Gone But Not Forgotten
Well, they are kicking back enjoying retirement. Oh, if I could be so blessed.
As part of a huge buyout at The Washington Post, several long-time financial columnists have left the financial pages. This week I want to toast Caroline Mayer, who has done a wonderful job covering consumer issues. To read some of her latest articles go here.
A particular must-read is "Banks Honor Bogus Checks and Scam Victims Pay." There's a scam out there that can do wicked damage to your finances. Often the targets are folks selling something on the Internet. Here's how it works: The buyer sends a check for the item but it's more than the agreed-upon price. The buyer tells the seller to wire back the overpayment. The buyer deposits the check, which appears to be cleared by the bank -- but it turns out to be a fake.
This is a sweet con with sour results.
Thousands of consumers have been victimized by this scam because of vagaries in the banking system, according to authorities. Federal rules require banks to release funds from a consumer's deposit quickly, usually within one to five business days, depending on the kind of check. However, it can take weeks before a bank discovers a check is fraudulent.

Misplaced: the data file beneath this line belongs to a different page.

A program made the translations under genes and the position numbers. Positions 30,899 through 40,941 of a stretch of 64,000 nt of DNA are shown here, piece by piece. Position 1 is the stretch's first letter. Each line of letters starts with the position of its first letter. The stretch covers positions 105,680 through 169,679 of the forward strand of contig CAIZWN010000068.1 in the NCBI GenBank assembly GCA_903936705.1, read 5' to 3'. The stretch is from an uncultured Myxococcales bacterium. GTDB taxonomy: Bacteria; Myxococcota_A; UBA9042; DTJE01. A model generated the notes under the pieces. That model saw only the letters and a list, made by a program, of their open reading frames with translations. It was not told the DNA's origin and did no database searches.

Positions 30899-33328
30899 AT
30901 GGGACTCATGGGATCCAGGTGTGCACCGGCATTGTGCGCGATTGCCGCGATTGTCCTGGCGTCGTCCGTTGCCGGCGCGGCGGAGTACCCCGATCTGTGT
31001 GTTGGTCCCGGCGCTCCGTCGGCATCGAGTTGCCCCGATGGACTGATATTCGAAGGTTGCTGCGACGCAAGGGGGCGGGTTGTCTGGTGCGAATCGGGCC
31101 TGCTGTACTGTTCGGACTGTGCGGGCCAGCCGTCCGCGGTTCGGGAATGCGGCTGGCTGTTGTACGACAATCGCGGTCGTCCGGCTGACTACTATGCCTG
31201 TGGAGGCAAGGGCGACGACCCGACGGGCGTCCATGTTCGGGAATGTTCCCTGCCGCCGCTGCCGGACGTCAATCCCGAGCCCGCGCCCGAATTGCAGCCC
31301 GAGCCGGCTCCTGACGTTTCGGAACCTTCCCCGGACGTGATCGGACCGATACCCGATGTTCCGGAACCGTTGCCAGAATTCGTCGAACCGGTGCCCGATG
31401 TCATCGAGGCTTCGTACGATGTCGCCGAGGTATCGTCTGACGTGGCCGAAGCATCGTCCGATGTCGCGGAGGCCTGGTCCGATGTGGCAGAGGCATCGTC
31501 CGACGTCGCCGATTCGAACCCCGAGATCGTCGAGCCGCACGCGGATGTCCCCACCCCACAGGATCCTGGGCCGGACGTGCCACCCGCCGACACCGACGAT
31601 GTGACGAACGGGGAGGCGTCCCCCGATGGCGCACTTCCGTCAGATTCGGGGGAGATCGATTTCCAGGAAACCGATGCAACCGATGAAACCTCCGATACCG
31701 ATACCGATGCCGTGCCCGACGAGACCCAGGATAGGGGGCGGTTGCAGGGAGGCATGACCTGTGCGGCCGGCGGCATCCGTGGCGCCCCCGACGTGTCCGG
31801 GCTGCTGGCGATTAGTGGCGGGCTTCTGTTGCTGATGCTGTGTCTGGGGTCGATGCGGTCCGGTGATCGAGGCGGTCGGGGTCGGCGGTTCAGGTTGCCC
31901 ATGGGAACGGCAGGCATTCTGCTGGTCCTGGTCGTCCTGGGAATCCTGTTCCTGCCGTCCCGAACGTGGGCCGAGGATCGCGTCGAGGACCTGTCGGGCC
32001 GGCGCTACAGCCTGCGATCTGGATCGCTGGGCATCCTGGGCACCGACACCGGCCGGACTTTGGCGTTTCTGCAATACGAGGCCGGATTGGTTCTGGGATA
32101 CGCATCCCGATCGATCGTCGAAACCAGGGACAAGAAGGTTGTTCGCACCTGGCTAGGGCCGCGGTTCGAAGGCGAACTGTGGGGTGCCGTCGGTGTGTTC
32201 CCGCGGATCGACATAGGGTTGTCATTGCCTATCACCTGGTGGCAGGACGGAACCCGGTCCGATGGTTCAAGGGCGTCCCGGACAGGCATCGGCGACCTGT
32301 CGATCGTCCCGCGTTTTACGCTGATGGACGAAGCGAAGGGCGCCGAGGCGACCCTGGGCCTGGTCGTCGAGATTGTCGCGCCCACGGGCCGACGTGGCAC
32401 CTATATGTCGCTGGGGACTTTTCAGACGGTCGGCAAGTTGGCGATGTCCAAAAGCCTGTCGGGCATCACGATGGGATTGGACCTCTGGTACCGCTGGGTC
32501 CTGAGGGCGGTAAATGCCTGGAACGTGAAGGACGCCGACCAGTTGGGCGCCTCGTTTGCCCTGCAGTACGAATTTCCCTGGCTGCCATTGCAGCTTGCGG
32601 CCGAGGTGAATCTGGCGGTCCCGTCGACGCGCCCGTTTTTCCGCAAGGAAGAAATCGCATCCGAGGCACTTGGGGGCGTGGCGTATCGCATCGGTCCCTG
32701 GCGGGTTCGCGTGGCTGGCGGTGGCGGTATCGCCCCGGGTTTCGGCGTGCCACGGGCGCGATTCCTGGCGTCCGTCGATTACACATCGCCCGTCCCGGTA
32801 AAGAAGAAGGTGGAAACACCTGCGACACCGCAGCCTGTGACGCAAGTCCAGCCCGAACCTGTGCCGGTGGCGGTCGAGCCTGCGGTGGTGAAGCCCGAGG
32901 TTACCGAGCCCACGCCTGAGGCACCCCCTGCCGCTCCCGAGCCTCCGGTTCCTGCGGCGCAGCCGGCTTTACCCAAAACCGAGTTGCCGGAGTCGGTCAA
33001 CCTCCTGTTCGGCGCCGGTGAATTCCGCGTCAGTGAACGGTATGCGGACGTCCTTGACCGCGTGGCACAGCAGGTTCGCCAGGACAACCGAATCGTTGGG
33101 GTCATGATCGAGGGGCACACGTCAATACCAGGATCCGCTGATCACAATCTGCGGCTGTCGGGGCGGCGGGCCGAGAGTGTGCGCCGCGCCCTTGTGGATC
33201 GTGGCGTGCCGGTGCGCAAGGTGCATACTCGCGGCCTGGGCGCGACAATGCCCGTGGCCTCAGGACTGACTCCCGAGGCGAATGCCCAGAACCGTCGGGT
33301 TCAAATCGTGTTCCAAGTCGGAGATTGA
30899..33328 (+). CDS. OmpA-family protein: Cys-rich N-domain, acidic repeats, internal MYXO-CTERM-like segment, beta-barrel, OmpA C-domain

As Mayer reported, here are some questions to ask to keep you clear of this scam:
-- Is the check for an item you sold on the Internet, such as a car, boat or jewelry? Is it for more than the item's selling price?
-- Is the check drawn on a business or individual account showing a different name than the buyer's?
-- Are you receiving a commission for facilitating money transfers through your account?
-- Have you been asked to pay to receive a deposit from another country such as Canada, England or Nigeria?
I'll miss Mayer but fortunately she will still be with us. She will continue to submit updates to her consumer blog, "The Checkout."